Interview Date



Dr. Dangel begins the interview describing his experiences as a pediatric anesthesiologist witnessing children dying while receiving unnecessary aggressive treatment during the end-of-life. He also describes several pivotal experiences learning about and seeing other countries develop pediatric hospices. When he brought back his experiences to his home institution, he was not well received and consequently left to seek an environment to nurture his vision for pediatric palliative and hospice care. Dr. Dangel comments that this was not his first time bringing new ideas into Polish medicine since he "introduced the modern techniques of regional anesthesia and analgesia in children," in the 1980s. He then mentions that he was more than comfortable making the "conscious choice" to have his own "splendid isolation from the inhumane hospital medicine." He then describes the barriers he faced and overcame, such as lack of funding, training gaps for clinicians, no transportation for his staff, failing personal health, a research block from the ethnical committees in Poland, and "single case of malpractice at the medical court for using the ketogenic diet, which I designed for my hospice patient". Dr. Dangel goes on to describe his work in leading Polish medicine to establishing pediatric palliative and hospice care through his work in policy, peer-reviewed studies, publications, and books, public outreach, and coaching of other professionals. He also describes some of his biggest challenges today being lack of cooperation from the Polish government, lack of official accreditation, and government blocks on some palliative practices. He then also describes the strengths of the current Polish practices of pediatric palliative and hospice to be the establishment of the Warsaw Hospice for Children Foundation who provide supportive services and organizational outreach as well as Polish societal values. Finally, Dr. Dangel describes his vision for the future of pediatric and hospice care to be recognized as a branch of medicine in Poland, increase clinician knowledge and competency of palliative practices, increase the awareness and palliative training of other disciplines, such as gynecologists and obstetricians, establish a national research center, establish a journal of pediatric and perinatal palliative care, and to increase pediatric palliative and hospice consults with experts and ethics committees.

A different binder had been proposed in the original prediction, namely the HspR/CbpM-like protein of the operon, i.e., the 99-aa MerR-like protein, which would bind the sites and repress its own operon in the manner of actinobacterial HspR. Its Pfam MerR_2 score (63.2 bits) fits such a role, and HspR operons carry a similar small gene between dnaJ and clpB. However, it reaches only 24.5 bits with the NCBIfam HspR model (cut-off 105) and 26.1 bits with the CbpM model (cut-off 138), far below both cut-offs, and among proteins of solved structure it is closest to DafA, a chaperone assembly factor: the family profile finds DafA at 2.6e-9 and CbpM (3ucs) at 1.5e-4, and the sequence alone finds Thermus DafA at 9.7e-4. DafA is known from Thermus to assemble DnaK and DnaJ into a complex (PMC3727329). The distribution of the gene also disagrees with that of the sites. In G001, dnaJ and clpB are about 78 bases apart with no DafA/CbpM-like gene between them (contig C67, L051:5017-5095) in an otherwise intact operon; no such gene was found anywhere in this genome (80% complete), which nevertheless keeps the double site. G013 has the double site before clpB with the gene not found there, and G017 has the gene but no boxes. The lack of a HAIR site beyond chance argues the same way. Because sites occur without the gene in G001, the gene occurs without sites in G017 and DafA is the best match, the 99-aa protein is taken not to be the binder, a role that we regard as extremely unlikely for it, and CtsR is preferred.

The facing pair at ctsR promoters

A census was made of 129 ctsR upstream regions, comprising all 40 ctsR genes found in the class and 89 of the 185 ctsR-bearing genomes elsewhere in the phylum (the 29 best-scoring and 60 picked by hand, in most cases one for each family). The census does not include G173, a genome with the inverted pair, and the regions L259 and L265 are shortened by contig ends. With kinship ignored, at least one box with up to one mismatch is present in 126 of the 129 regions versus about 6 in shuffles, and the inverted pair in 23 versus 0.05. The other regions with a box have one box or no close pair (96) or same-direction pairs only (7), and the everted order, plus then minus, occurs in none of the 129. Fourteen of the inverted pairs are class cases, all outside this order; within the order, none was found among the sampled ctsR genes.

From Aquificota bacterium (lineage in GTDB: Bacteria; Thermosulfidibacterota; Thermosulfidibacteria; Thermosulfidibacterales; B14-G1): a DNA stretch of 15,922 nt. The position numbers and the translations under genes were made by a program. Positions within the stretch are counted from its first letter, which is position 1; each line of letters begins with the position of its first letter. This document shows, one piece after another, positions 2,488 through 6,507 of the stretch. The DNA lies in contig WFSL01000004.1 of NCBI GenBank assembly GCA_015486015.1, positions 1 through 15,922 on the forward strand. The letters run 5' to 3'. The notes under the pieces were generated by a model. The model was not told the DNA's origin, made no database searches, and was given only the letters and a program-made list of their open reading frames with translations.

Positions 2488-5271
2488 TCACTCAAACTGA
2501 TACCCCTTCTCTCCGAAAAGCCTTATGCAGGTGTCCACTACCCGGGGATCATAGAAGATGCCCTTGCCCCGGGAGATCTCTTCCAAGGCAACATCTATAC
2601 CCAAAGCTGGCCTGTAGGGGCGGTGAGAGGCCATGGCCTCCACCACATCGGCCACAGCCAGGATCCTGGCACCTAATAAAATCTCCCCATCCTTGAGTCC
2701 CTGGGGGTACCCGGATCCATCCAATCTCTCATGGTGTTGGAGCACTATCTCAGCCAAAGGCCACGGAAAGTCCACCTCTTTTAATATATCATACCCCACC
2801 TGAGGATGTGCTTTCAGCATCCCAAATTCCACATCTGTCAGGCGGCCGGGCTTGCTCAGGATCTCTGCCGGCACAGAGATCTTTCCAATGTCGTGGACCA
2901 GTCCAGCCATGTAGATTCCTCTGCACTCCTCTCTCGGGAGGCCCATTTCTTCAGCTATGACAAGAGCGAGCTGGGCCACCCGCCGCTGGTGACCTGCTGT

Pediatric Palliative Care Oral History Project


Bernard Becker Medical Library, Washington University in St. Louis